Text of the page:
In addition to my reading up of the local Chicago news, I also always read the New York Times online because it often has fantastic articles about education and other issues that are near and dear to my heart here at Cabrini Connections. Today, one of my favorite columnists, Bob Herbert, wrote an editorial about the issue of the rising incidence of ignorance in America. Here at Cabrini Connections, we continue to discuss and follow studies showing how America's schools have fallen behind other countries in terms of test scores, graduation rates and college admission.

A couple of days ago, my boss, Dan Bassill in his blog, addressed the issue of the dropout rate in the nation's public schools. He highlights an article called "Cities in Crisis: A Special Analytic Report on High School Graduation" which does a fantastic job of showing the huge issue of high school drop out rates in our country's 50 largest cities using maps and charts to illustrate the facts. An interesting cross-study, is to compare the dropout rates in the charts in that article with the crime rates in the nation's 50 largest cities. Does it surprise you that they correlate very well? (I was just curious to find out the highest crime rates in light of the recent crime wave of this past weekend here in Chicago). Perhaps this should be a clue to our city officials when they look to solutions about combatting the rash of senseless deaths here in this great city.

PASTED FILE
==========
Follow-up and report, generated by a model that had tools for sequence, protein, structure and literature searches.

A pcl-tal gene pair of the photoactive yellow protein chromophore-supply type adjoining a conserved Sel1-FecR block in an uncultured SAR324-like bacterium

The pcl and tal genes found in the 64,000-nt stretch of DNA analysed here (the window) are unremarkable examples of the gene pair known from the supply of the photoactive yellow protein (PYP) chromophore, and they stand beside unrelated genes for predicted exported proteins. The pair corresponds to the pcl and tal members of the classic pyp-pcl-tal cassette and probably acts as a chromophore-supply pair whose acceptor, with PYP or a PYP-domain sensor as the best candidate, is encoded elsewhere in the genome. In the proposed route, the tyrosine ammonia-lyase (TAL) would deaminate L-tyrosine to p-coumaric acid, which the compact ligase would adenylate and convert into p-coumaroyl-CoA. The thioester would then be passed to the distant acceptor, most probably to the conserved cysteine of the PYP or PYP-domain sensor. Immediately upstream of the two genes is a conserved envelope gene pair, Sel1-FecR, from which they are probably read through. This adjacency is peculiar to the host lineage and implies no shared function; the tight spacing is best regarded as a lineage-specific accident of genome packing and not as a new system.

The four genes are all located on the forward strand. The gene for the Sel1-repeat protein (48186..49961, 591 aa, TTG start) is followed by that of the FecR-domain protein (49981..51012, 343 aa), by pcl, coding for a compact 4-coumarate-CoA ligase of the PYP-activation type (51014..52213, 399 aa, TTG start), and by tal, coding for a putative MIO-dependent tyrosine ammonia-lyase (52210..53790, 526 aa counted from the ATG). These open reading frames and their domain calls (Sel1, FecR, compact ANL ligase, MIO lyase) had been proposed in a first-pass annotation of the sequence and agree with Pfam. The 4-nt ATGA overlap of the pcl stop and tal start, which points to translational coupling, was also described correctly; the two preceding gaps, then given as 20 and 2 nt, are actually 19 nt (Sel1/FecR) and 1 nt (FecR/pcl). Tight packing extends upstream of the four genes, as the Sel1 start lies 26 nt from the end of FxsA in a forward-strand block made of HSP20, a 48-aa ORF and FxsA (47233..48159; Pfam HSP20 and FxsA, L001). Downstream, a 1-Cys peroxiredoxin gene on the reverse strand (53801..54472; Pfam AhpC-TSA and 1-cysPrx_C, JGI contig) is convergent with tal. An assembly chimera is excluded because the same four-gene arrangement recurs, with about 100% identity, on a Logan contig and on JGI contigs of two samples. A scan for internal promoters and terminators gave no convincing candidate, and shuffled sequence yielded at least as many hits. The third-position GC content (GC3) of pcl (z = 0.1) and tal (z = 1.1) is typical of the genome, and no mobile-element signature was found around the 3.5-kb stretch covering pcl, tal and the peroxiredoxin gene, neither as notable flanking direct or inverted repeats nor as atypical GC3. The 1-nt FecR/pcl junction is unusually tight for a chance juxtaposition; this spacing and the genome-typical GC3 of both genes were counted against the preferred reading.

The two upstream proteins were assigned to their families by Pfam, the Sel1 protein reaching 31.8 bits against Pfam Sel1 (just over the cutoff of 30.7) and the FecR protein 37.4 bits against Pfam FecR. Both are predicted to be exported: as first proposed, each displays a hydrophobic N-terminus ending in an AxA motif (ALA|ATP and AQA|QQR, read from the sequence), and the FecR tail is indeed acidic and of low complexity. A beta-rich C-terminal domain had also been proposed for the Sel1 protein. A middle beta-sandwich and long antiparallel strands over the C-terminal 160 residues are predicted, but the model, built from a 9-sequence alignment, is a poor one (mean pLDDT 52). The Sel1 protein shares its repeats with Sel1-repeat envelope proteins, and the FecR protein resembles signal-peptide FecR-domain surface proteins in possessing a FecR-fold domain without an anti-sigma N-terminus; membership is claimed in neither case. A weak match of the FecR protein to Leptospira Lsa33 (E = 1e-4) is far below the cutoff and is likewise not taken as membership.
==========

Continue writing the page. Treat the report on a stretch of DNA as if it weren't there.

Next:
Finally, you should also read, my new colleague, Cassina Sanders', blog. Cassina is our new marketing and fundraising coordinator and is a great new asset to our organization. Enjoy!

24 CPS students killed, 36 shootings in Chicago over the past weekend

The number of students in Chicago Public Schools killed this academic year has risen to 24. With the first weekend of warm weather, Chicago saw 36 people shot over the course of just 3 days. Something's not right here.

Both the Chicago Tribune and the Chicago Sun-Times have covered the recent wave of violence, both amongst the city's youth and throughout the city in general, quite extensively. Various experts have offered their solutions to ending the violence. One of the more interesting articles that I've seen in regards to this recent wave of violence is about the Interfaith Director for Chicago Public Schools, Rev. Renaldo Kyles and how he has responded to dealing with 24 young lives being lost during this school year. Mr. Kyles has performed many important tasks, such as helping families find affordable funeral arrangements to simply being a contact to families dealing with unimaginable grief. What I find most compelling about the article, however, is about how Rev. Kyles mentions that he would like to see more mentoring programs and after-school programs in general be created.